Certainly, "Christian University" as we think about it was not a category of institution in the mind of Paul at the time of the writing of Romans. It does not fit into a Scriptural category easily -- only by extension.

If you use "God-ordained" in the broader sense -- that in the providence of God any institution that comes into existence is "God-ordained" -- then you run across the same problem that trapped people in Medieval times.
Since the authority exists, God must have intended it to exist. Therefore, it is due obedience. It was much of the basis for the divine right of kings. But it runs afoul of practical considerations.

Categories: cult-leader, Mafia don, gang leader, televangelist. Are all of these leaders due our allegiance if we find ourselves under their influence?
Names: Hitler. Chavez. In their country and era, must you follow their leadership?
How about the Confederate States of America, arguably in rebellion against their authority. Would their citizens be required to rebel and rejoin the Union? Or must they follow the Confederacy? Surely their view on state's rights would govern their answer.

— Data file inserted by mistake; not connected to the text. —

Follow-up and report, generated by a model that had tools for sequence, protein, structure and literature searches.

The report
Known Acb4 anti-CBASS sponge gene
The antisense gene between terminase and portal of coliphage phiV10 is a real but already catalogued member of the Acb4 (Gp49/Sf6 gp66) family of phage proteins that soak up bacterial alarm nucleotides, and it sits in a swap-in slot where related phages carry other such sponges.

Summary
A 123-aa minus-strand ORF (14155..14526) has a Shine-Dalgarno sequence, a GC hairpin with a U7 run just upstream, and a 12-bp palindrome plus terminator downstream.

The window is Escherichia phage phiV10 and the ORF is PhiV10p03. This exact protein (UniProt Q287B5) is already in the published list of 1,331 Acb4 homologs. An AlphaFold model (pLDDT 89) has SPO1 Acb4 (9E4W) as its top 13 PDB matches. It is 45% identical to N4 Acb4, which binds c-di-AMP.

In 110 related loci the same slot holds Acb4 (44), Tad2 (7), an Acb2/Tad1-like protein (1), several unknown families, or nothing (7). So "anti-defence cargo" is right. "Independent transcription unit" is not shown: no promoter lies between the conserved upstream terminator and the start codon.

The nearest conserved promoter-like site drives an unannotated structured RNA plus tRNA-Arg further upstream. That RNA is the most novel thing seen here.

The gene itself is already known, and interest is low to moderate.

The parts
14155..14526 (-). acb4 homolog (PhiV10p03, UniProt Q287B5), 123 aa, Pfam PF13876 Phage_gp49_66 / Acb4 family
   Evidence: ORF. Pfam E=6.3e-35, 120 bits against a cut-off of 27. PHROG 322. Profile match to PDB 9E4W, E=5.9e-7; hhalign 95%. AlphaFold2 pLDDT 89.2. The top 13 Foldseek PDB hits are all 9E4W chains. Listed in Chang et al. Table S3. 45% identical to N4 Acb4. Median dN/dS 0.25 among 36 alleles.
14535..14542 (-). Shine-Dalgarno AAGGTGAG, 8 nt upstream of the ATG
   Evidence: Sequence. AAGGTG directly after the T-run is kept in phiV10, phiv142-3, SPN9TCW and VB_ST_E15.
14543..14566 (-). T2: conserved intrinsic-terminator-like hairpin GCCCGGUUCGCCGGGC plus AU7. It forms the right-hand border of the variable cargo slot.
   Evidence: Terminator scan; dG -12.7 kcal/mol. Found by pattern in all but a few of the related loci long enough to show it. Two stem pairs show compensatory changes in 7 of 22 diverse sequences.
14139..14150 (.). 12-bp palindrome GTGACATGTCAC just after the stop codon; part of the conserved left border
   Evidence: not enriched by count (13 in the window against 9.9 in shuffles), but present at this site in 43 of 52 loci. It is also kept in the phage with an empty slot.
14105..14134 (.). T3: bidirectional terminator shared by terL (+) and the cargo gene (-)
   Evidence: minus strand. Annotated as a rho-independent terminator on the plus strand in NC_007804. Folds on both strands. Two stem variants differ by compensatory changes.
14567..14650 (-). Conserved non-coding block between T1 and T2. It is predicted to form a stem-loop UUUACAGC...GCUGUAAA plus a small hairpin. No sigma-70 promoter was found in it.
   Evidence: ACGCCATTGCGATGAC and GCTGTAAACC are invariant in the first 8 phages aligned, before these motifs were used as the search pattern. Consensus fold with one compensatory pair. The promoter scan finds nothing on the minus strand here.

My answer, then, is "no". Romans 13 could not possibly be applicable to any authority that is established. Because some authorities conflict with others. Sooner or later, who is right and who is wrong come into play.

Having said all that, I'm not sure what any of this has to do with the topic at hand. But maybe I missed something subtle here.

Jay's picture

Mike Durning wrote:
If you use "God-ordained" in the broader sense -- that in the providence of God any institution that comes into existence is "God-ordained" -- then you run across the same problem that trapped people in Medieval times.

No, it's not a real problem.

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Since the authority exists, God must have intended it to exist. Therefore, it is due obedience. It was much of the basis for the divine right of kings. But it runs afoul of practical considerations.